Who are the best NASCAR Dirt racers of all-time, plus a look at the rules/format for this weekend’s Bristol Dirt Race

The NASCAR Cup Series has had a long legacy of racing at dirt tracks prior to the Modern Era (1972-Present), from 1949 to 1970 the series competed in 501 races on dirt. The very first NASCAR Cup Series points-paying sanctioned race in the inaugural season of 1949 was on dirt at Charlotte (Old) Speedway, a 0.75-mile track in Charlotte, North Carolina and the event was won by Jim Roper driving a Lincoln.  

Including this past season’s dirt race at Bristol, the 502 all-time dirt Cup races have produced 77 different winners. NASCAR Hall of Famer Lee Petty leads the series in dirt track wins with 46 victories; followed by Buck Baker with 42 and Herb Thomas with 41. Joey Logano is the only active driver with a win on dirt in the NASCAR Cup Series.

Top 10 NASCAR Cup Series Winners On Dirt
RankCup Dirt WinnersWins
1Lee Petty43
2Buck Baker42
3Herb Thomas41
4Tim Flock36
5Ned Jarrett35
6Richard Petty31
7David Pearson23
8Junior Johnson23
9Speedy Thompson18
10Fireball Roberts15
Fonty Flock15

This week the competitors will be tasked with wrangling a Bristol Motor Speedway Dirt track that has been measured to exactly 0.5-mile, and this weekend’s event will be 125 miles (250 laps) in length. The race will be broken up into three stages. The first two stages are 75 laps each and the final stage is 100 laps.   

In addition, NASCAR has instituted a special format for Busch Light Pole Qualifying that includes qualifying races, very similar to what the NASCAR Camping World Truck Series did at Eldora Speedway, to decide the starting lineup. The lineups for the qualifying races will be done by random draw on Friday, April 15 at 3 p.m. ET. There are four qualifying races scheduled with 36 entrants competing and each race will have nine competitors.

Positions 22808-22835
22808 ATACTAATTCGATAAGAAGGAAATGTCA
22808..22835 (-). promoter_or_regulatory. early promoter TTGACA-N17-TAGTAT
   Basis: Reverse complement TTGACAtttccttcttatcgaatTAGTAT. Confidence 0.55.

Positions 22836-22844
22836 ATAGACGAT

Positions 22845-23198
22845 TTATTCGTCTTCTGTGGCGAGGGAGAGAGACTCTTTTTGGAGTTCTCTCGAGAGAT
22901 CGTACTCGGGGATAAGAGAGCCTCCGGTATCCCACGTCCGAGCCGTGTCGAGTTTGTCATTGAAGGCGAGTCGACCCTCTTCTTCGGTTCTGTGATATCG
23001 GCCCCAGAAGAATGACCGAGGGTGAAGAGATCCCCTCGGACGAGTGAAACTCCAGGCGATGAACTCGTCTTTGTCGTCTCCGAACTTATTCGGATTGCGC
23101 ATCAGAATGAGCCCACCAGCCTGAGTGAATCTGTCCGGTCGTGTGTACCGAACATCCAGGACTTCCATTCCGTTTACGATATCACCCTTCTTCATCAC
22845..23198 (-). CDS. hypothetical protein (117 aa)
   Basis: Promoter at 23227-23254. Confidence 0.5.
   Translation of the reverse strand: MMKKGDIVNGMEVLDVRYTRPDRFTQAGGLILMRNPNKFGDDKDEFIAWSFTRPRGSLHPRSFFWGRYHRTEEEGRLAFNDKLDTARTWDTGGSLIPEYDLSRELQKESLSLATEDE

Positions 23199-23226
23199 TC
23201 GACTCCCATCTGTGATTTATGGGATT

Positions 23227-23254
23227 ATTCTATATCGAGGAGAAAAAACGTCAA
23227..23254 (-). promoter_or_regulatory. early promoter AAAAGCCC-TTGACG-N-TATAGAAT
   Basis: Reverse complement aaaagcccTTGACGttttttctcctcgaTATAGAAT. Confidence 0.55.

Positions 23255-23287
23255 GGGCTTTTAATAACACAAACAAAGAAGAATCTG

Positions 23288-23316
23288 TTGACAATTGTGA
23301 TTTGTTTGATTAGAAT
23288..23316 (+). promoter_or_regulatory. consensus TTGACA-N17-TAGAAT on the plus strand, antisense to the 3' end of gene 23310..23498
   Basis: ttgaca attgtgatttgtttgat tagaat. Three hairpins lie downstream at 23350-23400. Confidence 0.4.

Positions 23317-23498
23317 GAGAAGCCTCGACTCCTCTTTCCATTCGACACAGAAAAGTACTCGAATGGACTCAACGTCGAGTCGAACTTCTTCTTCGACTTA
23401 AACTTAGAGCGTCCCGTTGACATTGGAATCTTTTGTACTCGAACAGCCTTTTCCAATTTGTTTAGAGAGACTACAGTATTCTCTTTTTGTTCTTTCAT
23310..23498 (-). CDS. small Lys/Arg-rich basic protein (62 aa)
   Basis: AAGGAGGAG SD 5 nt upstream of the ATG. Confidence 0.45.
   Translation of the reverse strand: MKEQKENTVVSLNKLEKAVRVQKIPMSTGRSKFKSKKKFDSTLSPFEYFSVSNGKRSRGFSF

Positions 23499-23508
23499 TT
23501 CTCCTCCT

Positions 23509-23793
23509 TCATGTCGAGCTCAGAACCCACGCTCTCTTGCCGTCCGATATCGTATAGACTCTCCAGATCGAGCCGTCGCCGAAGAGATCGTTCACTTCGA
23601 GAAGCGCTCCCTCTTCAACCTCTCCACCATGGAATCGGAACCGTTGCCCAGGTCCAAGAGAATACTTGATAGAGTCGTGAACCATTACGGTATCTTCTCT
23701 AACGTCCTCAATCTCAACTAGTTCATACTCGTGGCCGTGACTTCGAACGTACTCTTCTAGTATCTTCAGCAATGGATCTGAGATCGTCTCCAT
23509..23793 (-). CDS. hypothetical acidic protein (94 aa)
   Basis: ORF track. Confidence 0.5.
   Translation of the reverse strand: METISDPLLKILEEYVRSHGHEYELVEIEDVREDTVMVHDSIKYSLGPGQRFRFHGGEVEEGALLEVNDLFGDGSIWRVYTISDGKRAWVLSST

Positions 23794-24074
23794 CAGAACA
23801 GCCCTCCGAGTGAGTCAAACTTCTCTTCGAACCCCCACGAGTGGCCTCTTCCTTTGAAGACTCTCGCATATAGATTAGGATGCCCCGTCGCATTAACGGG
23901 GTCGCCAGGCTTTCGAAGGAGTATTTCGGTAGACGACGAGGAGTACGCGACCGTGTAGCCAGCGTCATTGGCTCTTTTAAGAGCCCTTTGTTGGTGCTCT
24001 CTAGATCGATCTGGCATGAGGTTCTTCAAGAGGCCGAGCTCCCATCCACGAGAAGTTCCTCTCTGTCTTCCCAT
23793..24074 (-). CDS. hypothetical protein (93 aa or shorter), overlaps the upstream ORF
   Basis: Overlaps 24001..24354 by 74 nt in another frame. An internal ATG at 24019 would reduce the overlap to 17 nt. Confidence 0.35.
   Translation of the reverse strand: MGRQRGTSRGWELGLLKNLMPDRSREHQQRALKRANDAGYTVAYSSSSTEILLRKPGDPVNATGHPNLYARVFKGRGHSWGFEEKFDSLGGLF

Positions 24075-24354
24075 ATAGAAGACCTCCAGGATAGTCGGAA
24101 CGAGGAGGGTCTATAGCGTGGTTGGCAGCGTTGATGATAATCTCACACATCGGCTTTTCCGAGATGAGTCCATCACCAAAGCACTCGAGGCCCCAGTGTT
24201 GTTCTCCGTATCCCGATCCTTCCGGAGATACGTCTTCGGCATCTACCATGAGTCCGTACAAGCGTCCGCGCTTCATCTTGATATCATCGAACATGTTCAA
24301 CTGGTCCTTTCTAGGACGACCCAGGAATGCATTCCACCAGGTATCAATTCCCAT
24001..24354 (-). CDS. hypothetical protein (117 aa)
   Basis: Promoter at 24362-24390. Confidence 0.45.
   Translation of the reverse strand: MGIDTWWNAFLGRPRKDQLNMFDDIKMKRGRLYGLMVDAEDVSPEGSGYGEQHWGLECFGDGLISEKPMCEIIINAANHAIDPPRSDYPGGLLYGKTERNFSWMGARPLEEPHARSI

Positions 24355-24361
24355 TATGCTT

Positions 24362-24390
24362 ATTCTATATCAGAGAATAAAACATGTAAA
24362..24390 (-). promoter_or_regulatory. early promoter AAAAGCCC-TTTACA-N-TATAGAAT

Bristol Motor Speedway Dirt – Qualifying & Race Formats

This weekend’s racing will have special formats for both the NASCAR Cup Series and NASCAR Camping World Truck Series races. Below are details on the 2022 Bristol Dirt qualifying and race formats:

  1. Qualifying Race Starting Lineup – Random draw determines qualifying race designation and starting position for the qualifying race. The draw will be in order of current owner points.
  • – Four qualifying races held at 15 laps each with only green flag laps counted – no overtime rule. Free pass and wave around procedures will be in effect.
  • – Drivers will accumulate points in the qualifying races based on finishing position and passing points. The points total of a driver’s passing points and race finishing position points determines the starting position for the feature event.
  1. The difference between assigned starting position and finishing position
  1. accumulate passing points
  • – zero passing points
  1. = Points received for the driver’s finishing position
  • Owner Points